During my interview I made a strong effort to present my research in an interesting and exciting way. After my research presentation I got a lot of questions from the audience and feedback from some senior faculty members that they learned some new things about algae during my presentation, so having an engaging presentation is key.

Motivation and Skills for the Job

Did you always want to go into academia?

I was always interested in having a research based career either at a start-up, in academia, or at a research institute. I never had a desire to be in a big company because I felt like I would have a limited impact. I feel like at a start-up or in academia you more directly benefit from the hard work you put in. To me, the most important thing is about making new discoveries and making an impact. I thought that I would have more of an impact in those positions.

I know that a lot of people are really focused on being a professor, but I was more open about my opportunities. My goal was not necessarily to be a professor but to pursue a research focused career. So I think that again I have a different perspective than some people. I like being a professor. But if I didn’t get a faculty position I would have found another research focused career in a research institution, start up, or national lab. Fortunately, this (becoming a professor) ended up being one of the avenues that was available to me.

What skills does your job require?

There are a lot of skills you need for an academic career. You have to build your research program from nothing. You are the one who really has to make it happen. To get the research going in your lab you will use your scientific training and bench skills learned in graduate school and during your postdoc. But you will also face a lot of things that you haven’t necessarily been trained for. You have to transition into being a manager instead of a “doer” for research. You will find yourself doing things like reading resumes, hiring people, training new students, writing and reviewing grants, managing budgets, teaching classes, etc. I had experience writing proposals and training undergraduates but the level as a faculty is much more advanced.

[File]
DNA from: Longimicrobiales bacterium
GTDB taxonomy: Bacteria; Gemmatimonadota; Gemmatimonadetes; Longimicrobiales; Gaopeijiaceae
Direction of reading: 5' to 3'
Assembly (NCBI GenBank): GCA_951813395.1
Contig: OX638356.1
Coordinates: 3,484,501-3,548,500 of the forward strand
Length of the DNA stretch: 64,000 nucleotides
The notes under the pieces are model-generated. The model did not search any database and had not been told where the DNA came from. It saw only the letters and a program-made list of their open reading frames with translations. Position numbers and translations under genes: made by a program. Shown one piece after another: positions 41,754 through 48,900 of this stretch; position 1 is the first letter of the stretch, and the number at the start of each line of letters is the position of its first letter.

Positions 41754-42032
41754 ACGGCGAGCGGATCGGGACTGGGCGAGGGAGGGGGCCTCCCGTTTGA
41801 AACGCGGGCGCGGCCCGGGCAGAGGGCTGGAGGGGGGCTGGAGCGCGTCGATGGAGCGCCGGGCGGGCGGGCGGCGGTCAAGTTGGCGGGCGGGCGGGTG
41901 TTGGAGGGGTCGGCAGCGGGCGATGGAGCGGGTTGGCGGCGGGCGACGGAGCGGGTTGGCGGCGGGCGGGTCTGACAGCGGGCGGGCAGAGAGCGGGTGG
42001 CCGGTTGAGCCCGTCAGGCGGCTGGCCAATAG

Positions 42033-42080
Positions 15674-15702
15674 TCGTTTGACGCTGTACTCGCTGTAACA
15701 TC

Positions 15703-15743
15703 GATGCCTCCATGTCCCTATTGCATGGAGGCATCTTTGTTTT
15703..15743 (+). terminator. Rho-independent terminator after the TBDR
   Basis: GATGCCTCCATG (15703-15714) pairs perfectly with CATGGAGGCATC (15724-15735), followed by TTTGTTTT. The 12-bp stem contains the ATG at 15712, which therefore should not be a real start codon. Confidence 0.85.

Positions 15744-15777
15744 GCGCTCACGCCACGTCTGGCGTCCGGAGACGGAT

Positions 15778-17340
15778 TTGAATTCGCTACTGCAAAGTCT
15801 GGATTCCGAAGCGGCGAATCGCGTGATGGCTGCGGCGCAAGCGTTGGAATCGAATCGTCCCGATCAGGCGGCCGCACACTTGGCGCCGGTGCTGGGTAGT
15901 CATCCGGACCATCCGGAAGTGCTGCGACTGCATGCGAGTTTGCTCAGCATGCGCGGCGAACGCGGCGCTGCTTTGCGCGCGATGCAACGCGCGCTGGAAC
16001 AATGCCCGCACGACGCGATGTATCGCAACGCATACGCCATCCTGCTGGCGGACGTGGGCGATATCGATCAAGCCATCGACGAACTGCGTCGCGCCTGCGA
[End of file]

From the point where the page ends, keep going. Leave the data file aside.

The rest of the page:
Writing is something you need and will get better at. The more you write the better you get. In high school I didn’t like writing but with science writing it’s different than creative writing. The goal is to make things as clear and concise as possible. With science writing the more you do the better I think you can get. An academic position forces you to get better because you have to write a lot grants, letters of recommendations, papers, reviews, etc.

Another key skill is to have good time management. I was lucky because my postdoc mentor, Martin Jonikas, had a lot of systems for effectively managing time and accomplishing tasks like writing papers, grants, interviewing, etc that I have adopted to be more efficient. Scheduling out your time to off load tasks from your mind into your calendar and scheduling blocks of time where you have tasks you want to accomplish are key.

Positive things about your job?